A leaked document sent by Labour HQ round to some MPs and party activists reveals what we already know: talking about immigration is damaging to Labour’s electoral chances.
The strategy document, called “Campaigning against Ukip”, revealed by the Telegraph, tells MPs that they should avoid campaigning on the subject of immigration and when voters express their concerns about it, they should focus on “moving the conversation on issues where we have clear policy” to other subjects.
MPs are also warned by the party not to send out leaflets about immigration to all voters because it could be an “unhelpful” strategy. The document acknowledges that many voters will cite the topic as a concern, but: “It does not however follow that campaigning on immigration issues and emphasising our policies in our conversations with electors is always the correct response.”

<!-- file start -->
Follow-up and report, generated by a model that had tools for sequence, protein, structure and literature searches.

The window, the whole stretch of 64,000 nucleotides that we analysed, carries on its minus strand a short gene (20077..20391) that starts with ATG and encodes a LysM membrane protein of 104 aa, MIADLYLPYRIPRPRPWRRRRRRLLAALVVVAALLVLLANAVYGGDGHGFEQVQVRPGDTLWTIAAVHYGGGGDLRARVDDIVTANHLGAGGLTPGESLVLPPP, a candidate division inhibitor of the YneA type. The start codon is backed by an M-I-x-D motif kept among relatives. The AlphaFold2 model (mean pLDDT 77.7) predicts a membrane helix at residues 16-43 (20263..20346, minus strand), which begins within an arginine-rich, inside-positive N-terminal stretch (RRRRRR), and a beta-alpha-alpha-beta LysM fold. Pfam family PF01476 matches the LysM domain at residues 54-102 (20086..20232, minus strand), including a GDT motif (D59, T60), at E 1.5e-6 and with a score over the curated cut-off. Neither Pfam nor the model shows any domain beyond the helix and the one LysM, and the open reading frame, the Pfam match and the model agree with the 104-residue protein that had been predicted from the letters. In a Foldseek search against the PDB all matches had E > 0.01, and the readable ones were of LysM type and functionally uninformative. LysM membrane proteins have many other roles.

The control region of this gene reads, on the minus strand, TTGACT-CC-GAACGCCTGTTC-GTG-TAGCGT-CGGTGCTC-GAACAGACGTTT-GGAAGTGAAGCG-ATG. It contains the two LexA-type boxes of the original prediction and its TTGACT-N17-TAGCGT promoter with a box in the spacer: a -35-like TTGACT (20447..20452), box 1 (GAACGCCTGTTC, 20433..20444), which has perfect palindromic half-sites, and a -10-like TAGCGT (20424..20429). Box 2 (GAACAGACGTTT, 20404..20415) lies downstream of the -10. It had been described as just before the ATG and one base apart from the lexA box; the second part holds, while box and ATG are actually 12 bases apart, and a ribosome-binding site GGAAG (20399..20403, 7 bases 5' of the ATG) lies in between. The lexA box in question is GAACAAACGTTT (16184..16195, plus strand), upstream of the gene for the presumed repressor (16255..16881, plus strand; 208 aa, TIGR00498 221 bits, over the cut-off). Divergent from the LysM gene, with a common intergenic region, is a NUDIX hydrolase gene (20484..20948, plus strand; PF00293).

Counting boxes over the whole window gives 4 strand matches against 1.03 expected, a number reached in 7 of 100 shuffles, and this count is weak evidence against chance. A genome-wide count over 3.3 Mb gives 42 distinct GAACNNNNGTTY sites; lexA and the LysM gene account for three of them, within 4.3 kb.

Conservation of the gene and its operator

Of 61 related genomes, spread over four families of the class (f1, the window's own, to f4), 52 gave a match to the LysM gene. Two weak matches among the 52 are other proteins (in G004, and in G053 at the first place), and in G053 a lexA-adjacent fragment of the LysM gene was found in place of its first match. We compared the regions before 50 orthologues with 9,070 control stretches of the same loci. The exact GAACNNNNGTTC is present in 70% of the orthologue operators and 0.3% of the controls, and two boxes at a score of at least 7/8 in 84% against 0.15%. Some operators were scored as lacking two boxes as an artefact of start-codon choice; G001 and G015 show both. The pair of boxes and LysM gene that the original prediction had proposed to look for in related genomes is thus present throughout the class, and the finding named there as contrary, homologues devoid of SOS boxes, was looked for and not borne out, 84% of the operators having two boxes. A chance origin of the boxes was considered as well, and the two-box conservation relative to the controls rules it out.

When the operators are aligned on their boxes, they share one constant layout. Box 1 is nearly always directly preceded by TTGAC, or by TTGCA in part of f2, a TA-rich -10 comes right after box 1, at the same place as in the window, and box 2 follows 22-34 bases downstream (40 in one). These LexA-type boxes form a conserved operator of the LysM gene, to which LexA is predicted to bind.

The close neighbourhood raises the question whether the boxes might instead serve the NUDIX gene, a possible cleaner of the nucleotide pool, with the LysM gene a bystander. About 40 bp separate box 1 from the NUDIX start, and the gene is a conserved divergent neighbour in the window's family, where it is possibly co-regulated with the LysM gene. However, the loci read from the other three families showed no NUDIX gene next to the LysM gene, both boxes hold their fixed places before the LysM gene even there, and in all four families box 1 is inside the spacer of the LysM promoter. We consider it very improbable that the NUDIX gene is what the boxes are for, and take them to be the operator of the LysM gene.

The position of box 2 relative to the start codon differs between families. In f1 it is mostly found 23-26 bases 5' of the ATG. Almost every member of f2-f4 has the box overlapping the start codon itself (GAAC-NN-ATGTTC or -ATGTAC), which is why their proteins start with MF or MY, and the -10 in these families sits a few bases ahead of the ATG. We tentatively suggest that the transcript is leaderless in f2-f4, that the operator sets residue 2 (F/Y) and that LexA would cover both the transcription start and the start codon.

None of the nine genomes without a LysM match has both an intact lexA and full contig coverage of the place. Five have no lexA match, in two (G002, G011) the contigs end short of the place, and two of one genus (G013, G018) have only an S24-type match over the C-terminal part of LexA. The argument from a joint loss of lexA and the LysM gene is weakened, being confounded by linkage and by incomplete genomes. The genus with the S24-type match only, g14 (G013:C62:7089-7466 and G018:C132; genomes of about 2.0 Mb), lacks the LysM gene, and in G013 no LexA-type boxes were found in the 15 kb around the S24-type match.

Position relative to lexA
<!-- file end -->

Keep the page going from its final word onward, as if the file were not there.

This exposure of Labour’s stance on immigration is embarrassing for Ed Miliband, on the morning of his big speech on immigration. It appears he’s addressing this subject in the same way he approached the deficit last week: a big speech to clear up Labour’s policy and to stop critics charging the party with not talking about the issue. However, just as talking about the deficit plays on the Tories’ turf, talking about immigration only ever strengthens Ukip. In the document, Labour seems all too aware of this:
While it is clear that UKIP’s campaign is largely concentrated on the issue of immigration, we cannot and should not fight the UKIP threat simply on their terms, not least because we will not win a bidding war on the issue. Although immigration is an important issue for many electors, and is often mentioned on the doorstep, it is often used as a means to express other concerns. Many of these issues, including healthcare, housing, and the delivery of other local services, are among the strongest policy areas for the Labour Party.
Although it is never helpful for a party to have its tactics out in the open, this stance on addressing immigration concerns is more wise than embarrassing. Not only is it politically useful for Labour to broaden the immigration question out to issues of housing and public services, it is also more truthful to the voter to do so.